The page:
William Schneider

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Person.png William Schneider  Rdf-entity.pngRdf-icon.png
(spook?)
William schneider.jpg
BornNovember 20, 1941
NationalityUS
Member ofAmerican Committee for Peace in Chechnya, BAE Systems, Center for Security Policy, Council on Foreign Relations/Members 3, International Institute for Strategic Studies, Le Cercle, Project for the New American Century
An advocate use of the first-strike use of nuclear weapons. Attendee of Le Cercle

Employment.png Defense Science Board/Chairman Wikipedia-icon.png

In office
2002 - 2009
Appointed byDonald Rumsfeld
Continued to advocate use of nuclear weapons in some limited first-strike situations.

William Schneider Jr. is a US defense analyst with close ties to the military-industrial complex.

Career 1970-2001

Schneider was a staff member at Hudson Institute from 1967 to 1971, professional staff member of the U.S. Senate from 1971 to 1976, and professional staff member at the U.S. House of Representatives from 1976 to 1981.

He subsequently served as the associate director for national security and international affairs at the Office of Management and Budget from 1981 to 1982 prior to being nominated as Under Secretary of State for Security Assistance, science and technology by President Reagan, in which post he served from 1982 to 1986.

Schneider’s responsibilities in the Department of State included management and policy coordination of U.S. foreign economic and military assistance abroad, arms transfers, export controls, international telecommunications, and the supervision of U.S. science attachés posted at U.S. embassies abroad.[1]

These positions puts him right in the middle of the secret deep state policies that were partly revealed during the Iran-Contra Scandal.

Schneider became a member of the Project for the New American Century (PNAC). He was one of the signers of the January 26, 1998, PNAC Letter sent to President Bill Clinton that encouraged an attack against Iraq. In that same year he served on the Commission to Assess the Ballistic Missile Threat to the United States, which concluded that Iraq could develop a ballistic missile capable of striking the US in ten years.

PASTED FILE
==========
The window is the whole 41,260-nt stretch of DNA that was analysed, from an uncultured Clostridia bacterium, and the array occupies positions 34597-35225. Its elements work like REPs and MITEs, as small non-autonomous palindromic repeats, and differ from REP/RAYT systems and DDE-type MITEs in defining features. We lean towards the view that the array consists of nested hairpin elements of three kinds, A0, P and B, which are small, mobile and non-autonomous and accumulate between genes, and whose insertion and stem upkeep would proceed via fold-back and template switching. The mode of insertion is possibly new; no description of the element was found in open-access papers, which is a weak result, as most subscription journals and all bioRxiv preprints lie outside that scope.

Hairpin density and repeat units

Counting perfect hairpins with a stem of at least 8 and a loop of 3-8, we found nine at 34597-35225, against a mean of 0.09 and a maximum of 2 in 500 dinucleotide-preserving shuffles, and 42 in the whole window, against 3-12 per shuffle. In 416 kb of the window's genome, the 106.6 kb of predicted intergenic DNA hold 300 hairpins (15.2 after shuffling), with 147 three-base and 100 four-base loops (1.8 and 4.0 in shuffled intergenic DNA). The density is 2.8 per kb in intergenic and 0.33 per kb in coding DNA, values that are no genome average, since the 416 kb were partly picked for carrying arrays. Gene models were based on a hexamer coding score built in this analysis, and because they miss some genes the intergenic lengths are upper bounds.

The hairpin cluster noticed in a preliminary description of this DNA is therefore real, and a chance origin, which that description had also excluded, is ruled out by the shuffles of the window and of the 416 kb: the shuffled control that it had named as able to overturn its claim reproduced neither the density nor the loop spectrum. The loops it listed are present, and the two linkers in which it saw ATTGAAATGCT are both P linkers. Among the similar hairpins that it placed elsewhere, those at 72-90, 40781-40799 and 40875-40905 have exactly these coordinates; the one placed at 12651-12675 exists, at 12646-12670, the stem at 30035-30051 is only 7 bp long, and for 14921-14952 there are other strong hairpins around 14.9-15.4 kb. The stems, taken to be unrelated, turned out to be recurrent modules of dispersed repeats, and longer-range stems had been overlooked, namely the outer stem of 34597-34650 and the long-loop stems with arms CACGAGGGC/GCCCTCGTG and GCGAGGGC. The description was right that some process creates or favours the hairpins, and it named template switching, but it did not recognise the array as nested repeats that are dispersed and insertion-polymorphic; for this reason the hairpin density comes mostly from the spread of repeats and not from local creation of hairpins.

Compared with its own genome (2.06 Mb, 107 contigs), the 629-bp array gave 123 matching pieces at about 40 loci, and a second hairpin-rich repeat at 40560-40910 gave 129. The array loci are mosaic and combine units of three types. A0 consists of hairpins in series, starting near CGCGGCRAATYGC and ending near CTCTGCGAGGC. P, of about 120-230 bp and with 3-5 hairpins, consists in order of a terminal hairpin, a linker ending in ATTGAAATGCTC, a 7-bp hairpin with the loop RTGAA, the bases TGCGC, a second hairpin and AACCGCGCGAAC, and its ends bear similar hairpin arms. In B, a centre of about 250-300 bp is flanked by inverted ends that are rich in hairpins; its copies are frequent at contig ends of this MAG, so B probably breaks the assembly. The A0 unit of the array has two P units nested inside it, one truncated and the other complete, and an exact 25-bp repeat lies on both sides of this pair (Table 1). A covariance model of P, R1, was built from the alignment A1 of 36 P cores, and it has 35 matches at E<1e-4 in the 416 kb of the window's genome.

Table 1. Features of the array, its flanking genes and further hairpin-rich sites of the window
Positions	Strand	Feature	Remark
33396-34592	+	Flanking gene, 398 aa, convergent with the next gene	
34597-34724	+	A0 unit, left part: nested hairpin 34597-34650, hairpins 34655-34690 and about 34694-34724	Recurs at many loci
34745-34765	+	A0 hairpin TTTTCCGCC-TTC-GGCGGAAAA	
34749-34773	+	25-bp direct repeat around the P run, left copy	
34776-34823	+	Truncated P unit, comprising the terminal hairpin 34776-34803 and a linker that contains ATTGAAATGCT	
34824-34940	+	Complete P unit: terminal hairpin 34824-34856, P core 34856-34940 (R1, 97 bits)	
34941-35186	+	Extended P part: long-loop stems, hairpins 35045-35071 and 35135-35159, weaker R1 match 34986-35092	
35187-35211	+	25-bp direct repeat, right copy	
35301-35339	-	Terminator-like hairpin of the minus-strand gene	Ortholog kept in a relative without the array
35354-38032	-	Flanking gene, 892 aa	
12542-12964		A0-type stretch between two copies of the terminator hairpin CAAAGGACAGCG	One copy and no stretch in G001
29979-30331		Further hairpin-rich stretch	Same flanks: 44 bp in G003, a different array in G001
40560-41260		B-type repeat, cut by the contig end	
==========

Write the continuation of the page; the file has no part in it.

Career 2001 -

In January 2001, as President George W. Bush prepared to take office, Schneider served on a panel for nuclear weapons issues sponsored by the National Institute for Public Policy, a conservative think tank. Other members of the panel included Stephen Hadley, Stephen Cambone, and Robert Joseph, who later were appointed to senior positions in the Bush administration. This panel advocated using tactical nuclear weapons as a standard part of the United States defense arsenal.

In 2001 he was appointed by the US Senate to the Commission on the Future of the United States Aerospace Industry.

He also served on several Presidential commissions and government advisory bodies in the fields of counter-terrorism, intelligence, foreign affairs, defense, and economic policy. From 2001-2009, he worked as Chairman of the Defense Science Board in the Department of Defense. In addition, he served in a advisory capacity to the U.S. Departments of Energy, Defense, and State.

Connections

He is the founder and former chairman of the Department of State’s Department of State/Defense Trade Advisory Group (1992–2018)

Schneider has served on the boards of various defense contractors, including BAE Systems, Inc.,[2] an American subsidiary of the British defense contractor BAE Systems Plc. that is chaired by former Homeland Security Secretary Michael Chertoff.

He also wrote Food, Foreign Policy, and Raw Material Cartels (Crane, Russak, 1976), a work on economic warfare. Schneider has also published numerous articles and monographs on defense and foreign policy, U.S. strategic forces, theater nuclear forces, and unconventional warfare.


 

Events Participated in

EventStartEndLocation(s)Description
Le Cercle/1983 (Bonn)30 June 19833 July 1983Germany
Bonn
Le Cercle/1984 (Bonn)5 July 19847 July 1984Germany
Bonn
Held in Bonn, West Germany, the list of the 36 visitors was published online in 2011.


References